Building A Coaching Culture: Coaching must become institutionalized into the nuances of organizational learning, especially in executive development programs and processes. Only then can it bring about real and sustained skill-change. This is possible only when leaders themselves act as icons of futuristic learning and become coaches/mentors to support and guide employees. Streamlining the process-aspect is a bare-basic hygiene factor, but L&D must focus a lot more on the people aspect. L&D leaders need to drive a mindset change and for this, leaders must espouse values such as openness and transparency, collaboration, shared learning, and so on. Encouraging developmental dialogue amongst people is instrumental to coaching-mentoring success. Coaching-mentoring readiness requires a very different set of values and behaviors, which shall then entrench into a coaching culture.

Coaching as an Organizational Capability

 To instill the right values and behaviors and foster such a culture, organizations must treat coaching-mentoring as a capability in itself. This means that coaching-mentoring must be treated as a core managerial skill so that managers and coaches truly relate to the coaching culture and take proactive efforts to become effective coaches and mentors. For example, coaching and mentoring demand significant manager-time and attention, and in the business of day-to-day work, coaching-mentoring may take a slip. Hence, it is important to educate managers on the “why” i.e. show them the purpose. When managers and leaders coach or mentor with a clear purpose, they may be able to better see the collateral benefits of coaching-mentoring. A top-down inspiration also works well i.e. creating “coaching-mentoring models” in the top leadership, and constantly communicating how they connect with employees can make people realize that coaching-mentoring is a core organizational capability. Last but not the least, L&D needs to empower managers and leaders by making powerful digital tools available and accessible. Applying emerging technologies such as Big Data and Artificial Intelligence to coaching-mentoring tools can provide managers with real-time performance data. This, in turn, may encourage them to stop monitoring and controlling employees, and following a more developmental and democratic people-management approach. To encourage actual adoption, HR must educate managers to use and navigate the modules on learning tools and platforms, ideally in a multi-device setup. A seamless user-experience is first and foremost in creating a ‘pull’ towards coaching-mentoring.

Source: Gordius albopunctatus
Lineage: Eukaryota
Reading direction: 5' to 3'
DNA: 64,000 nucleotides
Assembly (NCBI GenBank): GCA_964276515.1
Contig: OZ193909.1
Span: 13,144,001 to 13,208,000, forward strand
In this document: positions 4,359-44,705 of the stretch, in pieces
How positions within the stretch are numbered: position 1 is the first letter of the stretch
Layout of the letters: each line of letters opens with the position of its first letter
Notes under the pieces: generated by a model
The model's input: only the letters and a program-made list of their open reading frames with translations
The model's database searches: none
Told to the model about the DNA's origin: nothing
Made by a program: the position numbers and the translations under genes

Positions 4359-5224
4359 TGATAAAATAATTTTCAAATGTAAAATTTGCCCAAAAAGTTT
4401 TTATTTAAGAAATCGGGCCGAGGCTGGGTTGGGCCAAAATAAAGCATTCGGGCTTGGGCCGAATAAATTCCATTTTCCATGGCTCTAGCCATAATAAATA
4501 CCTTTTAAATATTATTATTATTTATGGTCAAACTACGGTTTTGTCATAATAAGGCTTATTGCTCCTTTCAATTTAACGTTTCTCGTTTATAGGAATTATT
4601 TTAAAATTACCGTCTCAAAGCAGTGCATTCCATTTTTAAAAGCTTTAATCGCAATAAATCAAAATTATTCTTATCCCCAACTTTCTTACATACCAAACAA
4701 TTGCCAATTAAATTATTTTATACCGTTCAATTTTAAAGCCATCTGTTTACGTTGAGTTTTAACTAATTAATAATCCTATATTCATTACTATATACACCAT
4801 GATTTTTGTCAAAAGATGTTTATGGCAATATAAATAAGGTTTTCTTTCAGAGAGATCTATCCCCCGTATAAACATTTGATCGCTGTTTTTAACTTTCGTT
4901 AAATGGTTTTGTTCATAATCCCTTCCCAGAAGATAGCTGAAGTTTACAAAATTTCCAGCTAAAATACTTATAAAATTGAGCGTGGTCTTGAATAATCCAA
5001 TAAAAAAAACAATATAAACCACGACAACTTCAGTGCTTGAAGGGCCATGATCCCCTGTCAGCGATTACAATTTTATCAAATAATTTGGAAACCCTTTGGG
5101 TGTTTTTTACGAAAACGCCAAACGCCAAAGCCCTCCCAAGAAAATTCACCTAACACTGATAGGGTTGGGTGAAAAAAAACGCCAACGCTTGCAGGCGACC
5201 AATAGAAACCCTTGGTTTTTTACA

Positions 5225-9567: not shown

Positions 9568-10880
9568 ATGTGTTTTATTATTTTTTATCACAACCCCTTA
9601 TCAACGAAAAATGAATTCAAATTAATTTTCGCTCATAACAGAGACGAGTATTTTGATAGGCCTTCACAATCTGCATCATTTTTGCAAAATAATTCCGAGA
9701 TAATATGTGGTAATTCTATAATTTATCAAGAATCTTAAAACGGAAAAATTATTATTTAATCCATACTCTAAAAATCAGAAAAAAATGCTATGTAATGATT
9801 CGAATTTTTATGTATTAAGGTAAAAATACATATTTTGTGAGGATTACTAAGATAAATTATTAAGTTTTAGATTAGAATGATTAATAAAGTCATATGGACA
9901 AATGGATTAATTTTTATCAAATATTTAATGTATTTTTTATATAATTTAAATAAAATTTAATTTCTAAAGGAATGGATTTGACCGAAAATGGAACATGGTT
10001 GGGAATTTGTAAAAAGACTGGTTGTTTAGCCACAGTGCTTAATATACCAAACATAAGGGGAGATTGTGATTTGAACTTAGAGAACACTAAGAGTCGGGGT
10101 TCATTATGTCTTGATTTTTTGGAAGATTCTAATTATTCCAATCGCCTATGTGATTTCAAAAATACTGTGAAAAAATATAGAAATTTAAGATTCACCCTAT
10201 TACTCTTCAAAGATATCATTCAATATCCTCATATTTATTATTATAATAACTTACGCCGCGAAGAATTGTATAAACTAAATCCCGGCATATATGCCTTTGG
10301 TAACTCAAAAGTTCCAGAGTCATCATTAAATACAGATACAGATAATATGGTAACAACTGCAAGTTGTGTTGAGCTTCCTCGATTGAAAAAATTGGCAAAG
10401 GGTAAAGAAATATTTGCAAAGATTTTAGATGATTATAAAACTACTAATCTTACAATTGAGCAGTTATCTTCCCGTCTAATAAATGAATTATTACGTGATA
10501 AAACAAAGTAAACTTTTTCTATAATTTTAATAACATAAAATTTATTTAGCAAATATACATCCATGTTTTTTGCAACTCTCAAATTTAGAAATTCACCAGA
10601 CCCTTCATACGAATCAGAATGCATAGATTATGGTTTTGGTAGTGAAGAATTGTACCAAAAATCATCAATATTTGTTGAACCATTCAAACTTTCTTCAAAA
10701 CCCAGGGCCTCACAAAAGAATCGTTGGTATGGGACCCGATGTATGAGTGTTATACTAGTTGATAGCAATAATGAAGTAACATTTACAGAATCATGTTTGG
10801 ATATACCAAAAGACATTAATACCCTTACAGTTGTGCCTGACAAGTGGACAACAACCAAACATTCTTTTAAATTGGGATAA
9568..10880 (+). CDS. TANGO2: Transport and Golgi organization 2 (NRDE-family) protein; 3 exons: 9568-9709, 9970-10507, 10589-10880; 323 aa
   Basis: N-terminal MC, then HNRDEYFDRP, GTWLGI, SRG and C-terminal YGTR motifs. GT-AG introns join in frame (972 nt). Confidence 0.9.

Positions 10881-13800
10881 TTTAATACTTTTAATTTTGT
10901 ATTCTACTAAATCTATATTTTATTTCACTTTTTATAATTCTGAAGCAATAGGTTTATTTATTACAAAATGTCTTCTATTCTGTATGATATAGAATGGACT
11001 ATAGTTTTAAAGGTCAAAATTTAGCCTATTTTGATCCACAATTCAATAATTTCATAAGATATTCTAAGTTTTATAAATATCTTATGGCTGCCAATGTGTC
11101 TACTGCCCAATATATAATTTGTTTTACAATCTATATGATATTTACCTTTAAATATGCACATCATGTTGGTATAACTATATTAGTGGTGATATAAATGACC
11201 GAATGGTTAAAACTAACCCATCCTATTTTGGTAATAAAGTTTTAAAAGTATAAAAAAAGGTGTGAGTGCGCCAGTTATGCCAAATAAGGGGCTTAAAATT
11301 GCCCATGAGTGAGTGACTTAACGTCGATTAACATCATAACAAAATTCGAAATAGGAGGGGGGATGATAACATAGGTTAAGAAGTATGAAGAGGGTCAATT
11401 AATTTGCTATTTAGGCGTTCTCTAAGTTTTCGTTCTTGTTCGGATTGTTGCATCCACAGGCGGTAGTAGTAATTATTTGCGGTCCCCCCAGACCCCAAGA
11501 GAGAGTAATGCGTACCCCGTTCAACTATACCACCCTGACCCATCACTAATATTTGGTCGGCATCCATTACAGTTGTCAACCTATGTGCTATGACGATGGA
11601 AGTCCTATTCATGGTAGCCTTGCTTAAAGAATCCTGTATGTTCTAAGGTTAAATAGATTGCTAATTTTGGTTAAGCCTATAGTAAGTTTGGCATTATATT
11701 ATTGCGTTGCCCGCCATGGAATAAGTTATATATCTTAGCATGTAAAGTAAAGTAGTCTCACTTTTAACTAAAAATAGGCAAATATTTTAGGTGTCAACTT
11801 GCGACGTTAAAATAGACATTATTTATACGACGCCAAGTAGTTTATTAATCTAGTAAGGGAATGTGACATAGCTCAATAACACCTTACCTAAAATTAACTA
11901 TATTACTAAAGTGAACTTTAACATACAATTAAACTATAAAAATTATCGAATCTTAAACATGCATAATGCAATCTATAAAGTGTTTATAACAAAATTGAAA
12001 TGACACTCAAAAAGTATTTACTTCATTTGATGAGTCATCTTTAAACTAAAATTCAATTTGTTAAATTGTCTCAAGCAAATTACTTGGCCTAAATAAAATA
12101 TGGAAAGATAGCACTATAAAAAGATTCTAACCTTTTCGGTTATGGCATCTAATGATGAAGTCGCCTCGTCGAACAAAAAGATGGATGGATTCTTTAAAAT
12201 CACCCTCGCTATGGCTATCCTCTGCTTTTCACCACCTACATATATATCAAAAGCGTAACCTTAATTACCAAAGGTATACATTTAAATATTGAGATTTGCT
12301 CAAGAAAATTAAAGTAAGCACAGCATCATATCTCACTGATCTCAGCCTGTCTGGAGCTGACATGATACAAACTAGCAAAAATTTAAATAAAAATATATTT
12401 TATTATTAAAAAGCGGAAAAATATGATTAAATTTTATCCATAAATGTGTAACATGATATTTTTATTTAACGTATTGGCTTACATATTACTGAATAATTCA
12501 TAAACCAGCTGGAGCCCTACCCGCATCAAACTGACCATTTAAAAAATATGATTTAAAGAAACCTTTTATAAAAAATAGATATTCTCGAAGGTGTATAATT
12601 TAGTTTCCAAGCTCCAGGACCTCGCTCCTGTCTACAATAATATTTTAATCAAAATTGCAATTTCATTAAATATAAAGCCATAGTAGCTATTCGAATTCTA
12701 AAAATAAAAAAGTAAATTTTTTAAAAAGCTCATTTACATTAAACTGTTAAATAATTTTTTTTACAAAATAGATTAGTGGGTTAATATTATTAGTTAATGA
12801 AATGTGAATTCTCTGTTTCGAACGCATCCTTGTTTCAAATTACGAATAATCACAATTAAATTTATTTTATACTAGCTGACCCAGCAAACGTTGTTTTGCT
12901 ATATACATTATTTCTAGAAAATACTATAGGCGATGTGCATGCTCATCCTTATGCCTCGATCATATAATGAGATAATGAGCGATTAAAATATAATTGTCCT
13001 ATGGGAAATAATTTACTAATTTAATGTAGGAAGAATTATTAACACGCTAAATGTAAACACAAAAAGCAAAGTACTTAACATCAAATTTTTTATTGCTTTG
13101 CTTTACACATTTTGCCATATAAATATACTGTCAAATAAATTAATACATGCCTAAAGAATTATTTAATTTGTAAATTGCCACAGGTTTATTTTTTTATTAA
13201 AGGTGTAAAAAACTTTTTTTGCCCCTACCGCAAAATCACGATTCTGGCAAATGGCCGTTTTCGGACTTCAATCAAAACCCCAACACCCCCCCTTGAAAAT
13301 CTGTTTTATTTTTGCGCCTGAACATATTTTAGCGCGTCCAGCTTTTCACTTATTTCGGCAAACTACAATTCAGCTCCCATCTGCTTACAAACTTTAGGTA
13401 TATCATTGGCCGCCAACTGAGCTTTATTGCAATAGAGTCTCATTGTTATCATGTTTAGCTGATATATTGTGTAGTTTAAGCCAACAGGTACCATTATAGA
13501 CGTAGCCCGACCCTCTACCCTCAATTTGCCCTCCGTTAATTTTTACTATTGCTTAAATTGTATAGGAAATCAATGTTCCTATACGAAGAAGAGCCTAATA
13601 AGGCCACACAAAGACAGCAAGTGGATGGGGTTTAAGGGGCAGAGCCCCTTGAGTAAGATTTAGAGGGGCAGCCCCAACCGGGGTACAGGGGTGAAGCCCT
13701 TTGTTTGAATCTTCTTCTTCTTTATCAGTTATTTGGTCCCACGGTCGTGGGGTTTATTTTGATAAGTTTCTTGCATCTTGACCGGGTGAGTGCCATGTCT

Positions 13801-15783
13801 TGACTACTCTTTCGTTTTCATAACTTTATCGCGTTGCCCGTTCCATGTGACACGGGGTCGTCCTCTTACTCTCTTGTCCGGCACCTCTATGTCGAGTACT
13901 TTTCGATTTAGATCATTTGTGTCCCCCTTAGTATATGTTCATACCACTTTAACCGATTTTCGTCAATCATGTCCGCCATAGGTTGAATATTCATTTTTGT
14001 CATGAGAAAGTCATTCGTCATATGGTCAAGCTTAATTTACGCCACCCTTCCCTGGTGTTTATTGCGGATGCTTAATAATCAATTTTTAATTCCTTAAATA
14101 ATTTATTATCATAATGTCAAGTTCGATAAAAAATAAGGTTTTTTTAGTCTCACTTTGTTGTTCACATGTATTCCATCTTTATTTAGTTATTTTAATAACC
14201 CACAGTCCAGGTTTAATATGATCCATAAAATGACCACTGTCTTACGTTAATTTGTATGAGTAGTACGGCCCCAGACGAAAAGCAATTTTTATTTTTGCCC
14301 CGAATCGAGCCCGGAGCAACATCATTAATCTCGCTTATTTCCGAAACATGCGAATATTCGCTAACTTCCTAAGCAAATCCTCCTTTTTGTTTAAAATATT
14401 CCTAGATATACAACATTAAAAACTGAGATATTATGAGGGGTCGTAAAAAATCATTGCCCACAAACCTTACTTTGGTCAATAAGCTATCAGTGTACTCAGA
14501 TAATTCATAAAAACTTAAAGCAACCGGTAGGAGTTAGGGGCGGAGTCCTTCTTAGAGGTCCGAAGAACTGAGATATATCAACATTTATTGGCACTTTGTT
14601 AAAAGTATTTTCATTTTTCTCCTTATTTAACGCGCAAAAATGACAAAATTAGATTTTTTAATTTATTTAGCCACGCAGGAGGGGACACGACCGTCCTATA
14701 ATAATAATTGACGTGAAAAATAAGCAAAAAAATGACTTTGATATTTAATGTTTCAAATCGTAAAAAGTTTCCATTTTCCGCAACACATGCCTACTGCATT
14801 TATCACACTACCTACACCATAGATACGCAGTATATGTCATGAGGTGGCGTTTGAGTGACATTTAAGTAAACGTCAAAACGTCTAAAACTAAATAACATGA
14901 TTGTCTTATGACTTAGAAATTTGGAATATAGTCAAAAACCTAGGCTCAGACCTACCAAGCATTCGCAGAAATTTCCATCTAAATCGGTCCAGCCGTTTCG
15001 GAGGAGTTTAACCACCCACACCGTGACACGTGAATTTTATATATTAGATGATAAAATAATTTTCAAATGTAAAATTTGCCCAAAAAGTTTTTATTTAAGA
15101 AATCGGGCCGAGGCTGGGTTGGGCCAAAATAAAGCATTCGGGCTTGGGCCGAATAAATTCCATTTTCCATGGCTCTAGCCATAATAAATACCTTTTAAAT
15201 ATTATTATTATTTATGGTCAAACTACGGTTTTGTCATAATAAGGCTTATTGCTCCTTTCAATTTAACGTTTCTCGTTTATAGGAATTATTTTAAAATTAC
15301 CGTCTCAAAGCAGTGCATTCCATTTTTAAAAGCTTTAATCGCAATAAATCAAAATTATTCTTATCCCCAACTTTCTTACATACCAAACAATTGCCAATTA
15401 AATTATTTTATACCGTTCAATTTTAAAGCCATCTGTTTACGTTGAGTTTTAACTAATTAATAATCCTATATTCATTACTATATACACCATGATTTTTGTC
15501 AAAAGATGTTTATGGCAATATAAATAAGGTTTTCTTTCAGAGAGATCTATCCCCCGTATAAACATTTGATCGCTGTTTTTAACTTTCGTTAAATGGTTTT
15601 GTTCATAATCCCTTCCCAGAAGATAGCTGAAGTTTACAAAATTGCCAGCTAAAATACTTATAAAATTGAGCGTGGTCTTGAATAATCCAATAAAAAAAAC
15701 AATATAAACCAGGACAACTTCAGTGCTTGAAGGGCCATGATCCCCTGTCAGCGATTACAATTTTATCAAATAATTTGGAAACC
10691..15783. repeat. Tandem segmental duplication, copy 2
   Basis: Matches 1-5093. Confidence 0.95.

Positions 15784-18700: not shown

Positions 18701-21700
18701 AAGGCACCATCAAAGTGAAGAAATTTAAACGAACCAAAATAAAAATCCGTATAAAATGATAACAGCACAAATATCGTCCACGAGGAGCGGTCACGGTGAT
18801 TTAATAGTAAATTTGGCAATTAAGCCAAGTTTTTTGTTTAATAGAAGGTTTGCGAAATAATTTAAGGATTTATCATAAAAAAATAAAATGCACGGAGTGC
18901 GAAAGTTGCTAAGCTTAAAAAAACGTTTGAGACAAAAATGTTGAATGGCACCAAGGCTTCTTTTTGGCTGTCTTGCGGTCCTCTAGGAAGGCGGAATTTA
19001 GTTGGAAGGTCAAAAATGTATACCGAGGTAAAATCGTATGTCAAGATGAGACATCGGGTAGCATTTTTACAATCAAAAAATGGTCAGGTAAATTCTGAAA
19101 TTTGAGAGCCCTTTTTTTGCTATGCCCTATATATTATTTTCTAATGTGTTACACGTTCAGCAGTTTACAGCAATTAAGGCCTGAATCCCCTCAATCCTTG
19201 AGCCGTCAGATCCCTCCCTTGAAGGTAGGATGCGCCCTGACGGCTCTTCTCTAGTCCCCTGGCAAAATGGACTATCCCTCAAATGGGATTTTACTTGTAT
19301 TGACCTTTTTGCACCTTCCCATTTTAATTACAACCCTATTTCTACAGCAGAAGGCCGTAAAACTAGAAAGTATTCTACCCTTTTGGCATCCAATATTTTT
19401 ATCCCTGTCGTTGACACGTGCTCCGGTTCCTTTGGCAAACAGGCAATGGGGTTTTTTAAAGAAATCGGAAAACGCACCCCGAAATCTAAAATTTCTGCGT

Above all, coaching-mentoring learning-actions must be well-integrated with other talent functions and systems such as performance management systems, learning systems, total rewards systems, HRMS, etc. so that it is treated as a core organizational capability.

Coaching and mentoring is not a one-time intervention, it is an ongoing commitment involving the time, effort, and investment of employees, managers, and leaders alike. To truly imbibe coaching-mentoring as a part of the leadership development strategy, L&D must gain the continued buy-in of the CXO suite. L&D needs to build a solid business case, such that the cause of leadership development is co-owned by business, L&D, HR and top leadership,  and not just by L&D folks.

 

Sources / References:

 

  1. LinkedIn-Leading-with-Learning-Insights-and-Advice-Report - https://learning.linkedin.com/content/dam/me/learning/resources/pdfs/LinkedIn-Leading-with-Learning-Insights-and-Advice-Report_.pdf
  2. https://www.csoinsights.com/wp-content/uploads/sites/5/2017/10/2017-SE-Executive-Summary.pdf
  3. https://www.td.org/insights/developing-future-leaders-with-mentoring-and-coaching
  4. https://www.entrepreneur.com/article/280275
  5. https://hbr.org/2019/11/the-leader-as-coach

March 25, 2021 - No Comments!

Digital Transformation Champion – A truly-effective transformation leader in the era of Digital.

Did you know that investments in Digital Transformation are expected to cross over $7.5 Trillion USD between 2021 and 2024?

Did you also know that only one in three Digital Transformation initiatives usually succeed?

Do you know what’s happened to the companies who have failed to transform themselves into Digital in the last few years?

During a global pandemic and a time of rapid organizational disruption, it is becoming inevitable for leaders in any organization to drive change initiatives while navigating increasingly complex and changing organizational structures, markets, and stakeholders. In an age where yesterday’s science fiction is becoming tomorrow’s history, organizations need champions for their digital transformations to build: